Time for London to ‘take back control’

After a momentous vote predicated on regaining control, it seems chaos which has the upper hand.

So, amid all the tumult, it was good to see new London mayor Sadiq Khan with his eye on the ball yesterday, making a speech of fundamental importance to the future of London.

As someone who has joked about London declaring independence practically since the mayoralty was first created, it is a sobering reflection of the existential crises many think we are facing when a petition calling for the capital to become an independent city state garners more than 175,000 supporters.

There certainly seems to be a gulf between what London thinks, looks like, and aspires to for its in terms of its cultural mix and economic future.

But having defended the Union in 2014 and backed the Remain campaign this year, running away from the decision taken by the country, and its consequences, cannot be right. However, that does not mean the status quo is acceptable for London either.

Devolution is changing the political landscape of England’s cities, with Manchester trailblazing – gaining powers and control over Whitehall-run services like health, which will truly allow it to plot its own course and reflect local people’s priorities.

Scotland and Wales already have deepening constitutional settlements, with greater fiscal powers.

Yet London set-up is basically the same as what it was handed more than a decade ago when Labour (of course) restored citywide government.

In the wake of a Brexit vote that risks destabilising London’s economy, it is even more essential that the capital is given more autonomy.

As I have written here before, greater powers over funding must be key, in London as elsewhere. If we wish to compete with other world cities, it cannot be right that only seven per cent of all taxes raised from Londoners and London businesses are spent by London government, whereas the equivalent figure for New York is nearly 50 per cent.

What is more, we have an excellent blueprint for action – the London Finance Commission, chaired by Tony Travers – developed a suite of proposals for devolving greater fiscal autonomy to both City Hall and London’s boroughs to enable greater and more responsive investment in our capital.

As Khan said yesterday, this is not about London getting a bigger slice of the British pie. ‘All I’m asking,’ he said, ‘is that we get more control over the slice of the pie we already get’.

And this is crucial because ‘growth in London creates jobs, wealth and prosperity across the UK. So giving London more autonomy will benefit everyone in every part of the United Kingdom.’

And it is for the same reason that Mayor Khan must have a seat at the Brexit negotiation table. We have already seen post-referendum warnings about job losses in the city; but this goes way beyond the future of London as a financial centre. It will impact on the lives and economic contributions of hundreds of thousands of ordinary workers – cleaners, small business owners, public service workers and tradespeople – who have made London their home.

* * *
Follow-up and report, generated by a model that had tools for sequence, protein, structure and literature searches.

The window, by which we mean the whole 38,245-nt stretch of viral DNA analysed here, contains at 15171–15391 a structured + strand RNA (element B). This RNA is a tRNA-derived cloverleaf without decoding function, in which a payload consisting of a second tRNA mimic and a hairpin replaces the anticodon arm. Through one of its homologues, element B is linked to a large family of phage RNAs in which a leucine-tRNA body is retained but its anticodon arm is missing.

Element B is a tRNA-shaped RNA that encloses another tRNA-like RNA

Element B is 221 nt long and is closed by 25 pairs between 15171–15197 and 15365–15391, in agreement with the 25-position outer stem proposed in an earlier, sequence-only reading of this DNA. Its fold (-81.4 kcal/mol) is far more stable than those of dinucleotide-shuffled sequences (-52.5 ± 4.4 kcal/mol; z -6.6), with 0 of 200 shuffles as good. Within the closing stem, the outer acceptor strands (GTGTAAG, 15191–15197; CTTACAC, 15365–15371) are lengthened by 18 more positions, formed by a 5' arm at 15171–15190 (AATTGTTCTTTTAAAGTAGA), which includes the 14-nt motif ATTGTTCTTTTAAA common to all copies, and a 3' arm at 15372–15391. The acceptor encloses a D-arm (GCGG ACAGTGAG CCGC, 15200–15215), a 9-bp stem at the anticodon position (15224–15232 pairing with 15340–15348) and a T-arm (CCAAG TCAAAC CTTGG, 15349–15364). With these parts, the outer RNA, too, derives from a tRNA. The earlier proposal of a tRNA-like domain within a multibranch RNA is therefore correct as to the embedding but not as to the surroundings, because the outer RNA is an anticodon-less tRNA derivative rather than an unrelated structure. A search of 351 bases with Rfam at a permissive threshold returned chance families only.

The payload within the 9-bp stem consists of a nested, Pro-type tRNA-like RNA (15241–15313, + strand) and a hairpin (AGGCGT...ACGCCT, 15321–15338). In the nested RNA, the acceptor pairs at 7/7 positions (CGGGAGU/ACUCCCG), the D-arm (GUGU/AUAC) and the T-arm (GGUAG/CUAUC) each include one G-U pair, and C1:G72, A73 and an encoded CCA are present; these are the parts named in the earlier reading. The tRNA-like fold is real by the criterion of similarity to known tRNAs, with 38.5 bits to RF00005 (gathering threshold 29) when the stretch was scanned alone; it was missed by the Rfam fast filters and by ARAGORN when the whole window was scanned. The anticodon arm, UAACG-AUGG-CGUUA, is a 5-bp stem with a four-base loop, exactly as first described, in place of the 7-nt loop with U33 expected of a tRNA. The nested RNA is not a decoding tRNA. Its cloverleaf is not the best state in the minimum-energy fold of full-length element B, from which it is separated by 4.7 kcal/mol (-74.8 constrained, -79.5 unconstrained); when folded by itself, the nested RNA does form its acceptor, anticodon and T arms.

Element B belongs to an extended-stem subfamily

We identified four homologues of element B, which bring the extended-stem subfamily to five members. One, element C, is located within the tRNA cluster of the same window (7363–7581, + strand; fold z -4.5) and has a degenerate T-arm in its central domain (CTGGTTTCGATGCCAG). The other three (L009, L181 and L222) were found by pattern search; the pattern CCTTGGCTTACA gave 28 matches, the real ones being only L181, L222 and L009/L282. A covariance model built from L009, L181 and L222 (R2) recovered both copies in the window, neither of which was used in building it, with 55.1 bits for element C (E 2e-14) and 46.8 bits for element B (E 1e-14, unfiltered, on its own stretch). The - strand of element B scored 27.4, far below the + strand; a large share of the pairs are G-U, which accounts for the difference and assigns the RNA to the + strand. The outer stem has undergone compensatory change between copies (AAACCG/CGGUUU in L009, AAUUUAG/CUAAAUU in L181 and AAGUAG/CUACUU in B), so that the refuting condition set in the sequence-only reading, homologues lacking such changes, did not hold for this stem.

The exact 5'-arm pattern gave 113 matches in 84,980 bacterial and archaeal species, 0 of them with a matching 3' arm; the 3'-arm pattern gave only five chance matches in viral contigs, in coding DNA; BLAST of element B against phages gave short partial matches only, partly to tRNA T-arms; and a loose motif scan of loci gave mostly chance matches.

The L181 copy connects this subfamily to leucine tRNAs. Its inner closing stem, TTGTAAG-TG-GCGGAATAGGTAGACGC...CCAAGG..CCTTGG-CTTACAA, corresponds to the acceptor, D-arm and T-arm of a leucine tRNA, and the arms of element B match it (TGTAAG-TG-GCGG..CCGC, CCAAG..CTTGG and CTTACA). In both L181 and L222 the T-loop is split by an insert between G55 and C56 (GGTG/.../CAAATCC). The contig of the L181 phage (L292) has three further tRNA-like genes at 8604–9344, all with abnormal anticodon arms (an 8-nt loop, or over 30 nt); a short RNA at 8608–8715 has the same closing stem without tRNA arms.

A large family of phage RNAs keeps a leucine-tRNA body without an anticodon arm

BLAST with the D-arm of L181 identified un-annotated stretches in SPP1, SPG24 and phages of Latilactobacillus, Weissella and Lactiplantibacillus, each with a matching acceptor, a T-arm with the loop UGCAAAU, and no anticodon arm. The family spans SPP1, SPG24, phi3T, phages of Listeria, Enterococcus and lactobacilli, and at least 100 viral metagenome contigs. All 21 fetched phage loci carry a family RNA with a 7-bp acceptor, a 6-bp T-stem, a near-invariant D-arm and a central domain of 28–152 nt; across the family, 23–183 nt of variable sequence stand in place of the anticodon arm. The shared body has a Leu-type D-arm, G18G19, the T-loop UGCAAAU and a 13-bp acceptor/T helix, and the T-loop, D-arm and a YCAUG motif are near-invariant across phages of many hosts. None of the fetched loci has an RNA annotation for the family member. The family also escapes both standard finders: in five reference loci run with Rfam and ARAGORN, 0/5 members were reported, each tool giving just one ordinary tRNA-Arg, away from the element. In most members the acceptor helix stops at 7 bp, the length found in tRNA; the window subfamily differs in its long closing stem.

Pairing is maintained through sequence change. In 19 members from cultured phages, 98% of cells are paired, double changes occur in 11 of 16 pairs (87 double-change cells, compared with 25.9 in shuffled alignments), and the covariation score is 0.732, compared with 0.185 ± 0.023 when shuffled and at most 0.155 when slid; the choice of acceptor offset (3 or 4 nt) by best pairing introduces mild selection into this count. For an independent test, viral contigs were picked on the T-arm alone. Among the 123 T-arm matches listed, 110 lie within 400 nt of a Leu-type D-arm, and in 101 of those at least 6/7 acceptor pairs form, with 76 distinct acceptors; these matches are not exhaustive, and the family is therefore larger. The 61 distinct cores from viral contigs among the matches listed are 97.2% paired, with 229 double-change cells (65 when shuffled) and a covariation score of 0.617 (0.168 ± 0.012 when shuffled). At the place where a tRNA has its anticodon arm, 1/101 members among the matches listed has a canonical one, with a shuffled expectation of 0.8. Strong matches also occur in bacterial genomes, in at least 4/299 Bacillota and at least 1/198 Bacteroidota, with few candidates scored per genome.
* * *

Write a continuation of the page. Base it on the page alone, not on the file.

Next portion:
Our future relationship in Europe is too important to be left as an afterthought to the Tory leadership election. Nicola Sturgeon and Carwyn Jones rightly expect their nation’s governments should have a voice in shaping our future relationship with Europe. A future that should include access to the single market.

Respectfully, London’s population and wealth outstrips both those countries. It is unimaginable that our mayor, with the biggest personal mandate in British political history, should be side-lined as if his office was on a par of that of a rural district council leader.

This is not a power grab – Khan has the backing of London councils of all political colour and London businesses of all size and type.

Failure to understand and respect this would further stretch the ties between the rest of the country and its capital, at a time when many Londoners are still coming to terms with the impact of Brexit; thinking about friends and colleagues from EU countries whose future is now in doubt; let alone the impact on our wealth and international standing.

Frankly, this should not really be up for discussion. Given the febrile nature of our polity, respecting and reflecting our differences – through devolution – is the best way to keep our country united.

If you love something, set it free. That was the leitmotif of the Leave campaign. Now it is essential that those who prosecuted their case so effectively stick by these principles to the capital and give London the powers and freedom to find the best way forward.

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Mike Katz is a Labour activist. He tweets @MikeKatz

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